Infinite square well – cubic sine initial state

Required math: calculus

Required physics: Schrödinger equation

Reference: Griffiths, David J. (2005), Introduction to Quantum Mechanics, 2nd Edition; Pearson Education – Problem 2.37.

As an example of the infinite square well potential suppose the particle starts off with the wave function

\displaystyle  \Psi(x,0)=A\sin^{3}\left(\frac{\pi x}{a}\right) \ \ \ \ \ (1)

for {0\le x\le a} (and zero elsewhere).

First, we can find {A} by normalizing (using software for the integral):

\displaystyle   1 \displaystyle  = \displaystyle  \left|A\right|^{2}\int_{0}^{a}\sin^{6}\left(\frac{\pi x}{a}\right)dx\ \ \ \ \ (2)
\displaystyle  \displaystyle  = \displaystyle  \left|A\right|^{2}\frac{5}{16}a\ \ \ \ \ (3)
\displaystyle  A \displaystyle  = \displaystyle  \frac{4}{\sqrt{5a}} \ \ \ \ \ (4)

The general solution as a function of time is the series

\displaystyle  \Psi(x,t)=\sum_{n=1}^{\infty}c_{n}\Psi_{n}\left(x,t\right) \ \ \ \ \ (5)

where {\Psi_{n}} are the stationary states of the square well. We find the {c_{n}} by considering the sum at {t=0}:

\displaystyle   \Psi(x,0) \displaystyle  = \displaystyle  \sum_{n=1}^{\infty}c_{n}\Psi_{n}\left(x,0\right)\ \ \ \ \ (6)
\displaystyle  \displaystyle  = \displaystyle  \sqrt{\frac{2}{a}}\sum_{n=1}^{\infty}c_{n}\sin\left(\frac{n\pi x}{a}\right) \ \ \ \ \ (7)

Because the stationary states are orthogonal functions, we have

\displaystyle   c_{n} \displaystyle  = \displaystyle  \sqrt{\frac{2}{a}}\int_{0}^{a}\sin\left(\frac{n\pi x}{a}\right)\Psi(x,0)\ \ \ \ \ (8)
\displaystyle  \displaystyle  = \displaystyle  \sqrt{\frac{2}{a}}\frac{4}{\sqrt{5a}}\int_{0}^{a}\sin\left(\frac{n\pi x}{a}\right)\sin^{3}\left(\frac{\pi x}{a}\right)dx\ \ \ \ \ (9)
\displaystyle  \displaystyle  = \displaystyle  \frac{24}{5\pi}\frac{\sqrt{10}\sin\left(n\pi\right)}{n^{4}-10n^{2}+9} \ \ \ \ \ (10)

A quick glance at this result might make you think that {c_{n}=0} for all {n} because of the sine term. However, we need to be careful, since the denominator factors to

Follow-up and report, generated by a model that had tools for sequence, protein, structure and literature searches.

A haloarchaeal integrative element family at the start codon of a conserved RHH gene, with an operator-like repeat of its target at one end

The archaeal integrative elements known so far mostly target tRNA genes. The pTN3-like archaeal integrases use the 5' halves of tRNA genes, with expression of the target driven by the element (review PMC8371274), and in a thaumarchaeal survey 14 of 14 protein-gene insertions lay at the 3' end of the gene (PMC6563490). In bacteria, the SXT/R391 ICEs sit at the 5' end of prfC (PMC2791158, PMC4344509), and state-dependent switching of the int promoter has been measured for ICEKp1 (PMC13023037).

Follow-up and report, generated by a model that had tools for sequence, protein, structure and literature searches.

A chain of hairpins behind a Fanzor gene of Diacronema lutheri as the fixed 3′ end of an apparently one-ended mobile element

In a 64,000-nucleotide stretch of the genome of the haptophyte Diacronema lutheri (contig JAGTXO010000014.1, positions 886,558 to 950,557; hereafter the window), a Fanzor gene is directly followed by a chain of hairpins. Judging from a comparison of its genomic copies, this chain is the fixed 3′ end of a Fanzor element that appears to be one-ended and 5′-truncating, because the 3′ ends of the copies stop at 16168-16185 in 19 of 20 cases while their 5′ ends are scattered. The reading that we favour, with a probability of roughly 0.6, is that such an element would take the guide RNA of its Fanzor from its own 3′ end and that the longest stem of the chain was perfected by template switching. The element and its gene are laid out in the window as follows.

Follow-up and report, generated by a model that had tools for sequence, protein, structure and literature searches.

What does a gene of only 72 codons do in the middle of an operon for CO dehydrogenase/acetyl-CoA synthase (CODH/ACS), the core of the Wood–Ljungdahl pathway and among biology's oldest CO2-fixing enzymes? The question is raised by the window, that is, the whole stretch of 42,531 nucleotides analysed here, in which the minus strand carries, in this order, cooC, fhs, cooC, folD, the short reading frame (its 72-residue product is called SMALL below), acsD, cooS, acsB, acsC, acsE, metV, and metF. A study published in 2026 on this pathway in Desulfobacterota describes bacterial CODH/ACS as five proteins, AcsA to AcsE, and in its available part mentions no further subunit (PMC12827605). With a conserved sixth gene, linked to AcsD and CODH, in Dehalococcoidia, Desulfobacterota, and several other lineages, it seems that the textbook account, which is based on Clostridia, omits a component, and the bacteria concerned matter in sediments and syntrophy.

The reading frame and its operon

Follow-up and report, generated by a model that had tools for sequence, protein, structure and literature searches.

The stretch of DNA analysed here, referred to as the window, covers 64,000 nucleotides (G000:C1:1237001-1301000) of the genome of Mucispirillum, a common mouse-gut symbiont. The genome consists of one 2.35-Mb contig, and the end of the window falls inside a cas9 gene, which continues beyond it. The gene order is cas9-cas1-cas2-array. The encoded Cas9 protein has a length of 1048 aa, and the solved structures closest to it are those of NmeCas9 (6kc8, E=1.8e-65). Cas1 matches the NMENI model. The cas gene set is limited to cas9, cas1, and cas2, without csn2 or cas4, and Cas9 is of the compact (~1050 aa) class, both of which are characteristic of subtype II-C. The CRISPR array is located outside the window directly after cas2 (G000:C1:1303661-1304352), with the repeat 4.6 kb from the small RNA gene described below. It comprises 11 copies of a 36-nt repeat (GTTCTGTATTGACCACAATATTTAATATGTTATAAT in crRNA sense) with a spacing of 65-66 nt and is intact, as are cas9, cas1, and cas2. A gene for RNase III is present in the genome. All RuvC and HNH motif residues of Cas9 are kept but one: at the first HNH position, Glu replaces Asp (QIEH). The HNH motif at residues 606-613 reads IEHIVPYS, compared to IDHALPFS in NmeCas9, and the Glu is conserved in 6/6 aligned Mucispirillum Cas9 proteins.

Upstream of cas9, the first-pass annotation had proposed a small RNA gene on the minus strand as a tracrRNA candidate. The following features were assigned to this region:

\displaystyle  n^{4}-10n^{2}+9=\left(n-1\right)\left(n+1\right)\left(n-3\right)\left(n+3\right) \ \ \ \ \ (11)

and thus has zeroes at {n=1,3}. We can redo these integrals for these specific values of {n} and we get

\displaystyle   c_{1} \displaystyle  = \displaystyle  \sqrt{\frac{2}{a}}\frac{4}{\sqrt{5a}}\int_{0}^{a}\sin\left(\frac{\pi x}{a}\right)\sin^{3}\left(\frac{\pi x}{a}\right)dx\ \ \ \ \ (12)
\displaystyle  \displaystyle  = \displaystyle  \frac{3}{\sqrt{10}}\ \ \ \ \ (13)
\displaystyle  c_{3} \displaystyle  = \displaystyle  \sqrt{\frac{2}{a}}\frac{4}{\sqrt{5a}}\int_{0}^{a}\sin\left(\frac{3\pi x}{a}\right)\sin^{3}\left(\frac{\pi x}{a}\right)dx\ \ \ \ \ (14)
\displaystyle  \displaystyle  = \displaystyle  -\frac{1}{\sqrt{10}} \ \ \ \ \ (15)

The full solution is therefore

\displaystyle  \Psi(x,t)=\frac{3}{\sqrt{5a}}\sin\left(\frac{\pi x}{a}\right)e^{-i\pi^{2}\hbar t/2ma^{2}}-\frac{1}{\sqrt{5a}}\sin\left(\frac{3\pi x}{a}\right)e^{-9i\pi^{2}\hbar t/2ma^{2}} \ \ \ \ \ (16)

The particle will be found with energy {E_{1}} with probability of {\left|c_{1}\right|^{2}=0.9} and with energy {E_{3}} with probability 0.1. Thus

\displaystyle   \left\langle E\right\rangle \displaystyle  = \displaystyle  \left(0.9+0.1\times3^{2}\right)\frac{\pi^{2}\hbar^{2}}{2ma^{2}}\ \ \ \ \ (17)
\displaystyle  \displaystyle  = \displaystyle  0.9\frac{\pi^{2}\hbar^{2}}{ma^{2}} \ \ \ \ \ (18)

The mean position is found from

\displaystyle   \left\langle x\right\rangle \displaystyle  = \displaystyle  \int_{0}^{a}x\left|\Psi(x,t)\right|^{2}dx \ \ \ \ \ (19)

Working out the integrand, we get

\displaystyle   \left|\Psi(x,t)\right|^{2} \displaystyle  = \displaystyle  -\frac{6}{5a}\sin\left(\frac{\pi x}{a}\right)\sin\left(\frac{3\pi x}{a}\right)\left(\sin\left(\frac{E_{1}t}{\hbar}\right)\sin\left(\frac{E_{3}t}{\hbar}\right)+\cos\left(\frac{E_{1}t}{\hbar}\right)\cos\left(\frac{E_{3}t}{\hbar}\right)\right)\ \ \ \ \ (20)
\displaystyle  \displaystyle  \displaystyle  +\frac{2}{a}-\frac{9}{5a}\cos^{2}\left(\frac{\pi x}{a}\right)-\frac{1}{5a}\cos^{2}\left(\frac{3\pi x}{a}\right)\ \ \ \ \ (21)
\displaystyle  \displaystyle  = \displaystyle  -\frac{6}{5a}\sin\left(\frac{\pi x}{a}\right)\sin\left(\frac{3\pi x}{a}\right)\cos\left(\frac{\left(E_{3}-E_{1}\right)t}{\hbar}\right)+\frac{2}{a}-\frac{9}{5a}\cos^{2}\left(\frac{\pi x}{a}\right)-\frac{1}{5a}\cos^{2}\left(\frac{3\pi x}{a}\right) \ \ \ \ \ (22)

We can now do the integral using software with the result

\displaystyle  \int_{0}^{a}x\left|\Psi(x,t)\right|^{2}dx=\frac{a}{2} \ \ \ \ \ (23)

The mean position is the midpoint of the well.

3 thoughts on “Infinite square well – cubic sine initial state

  1. Keith

    A nicer way to do this would be to use the identity for sin^3(x), it spits out the coefficients directly but it would only work for an example like this.

    Reply

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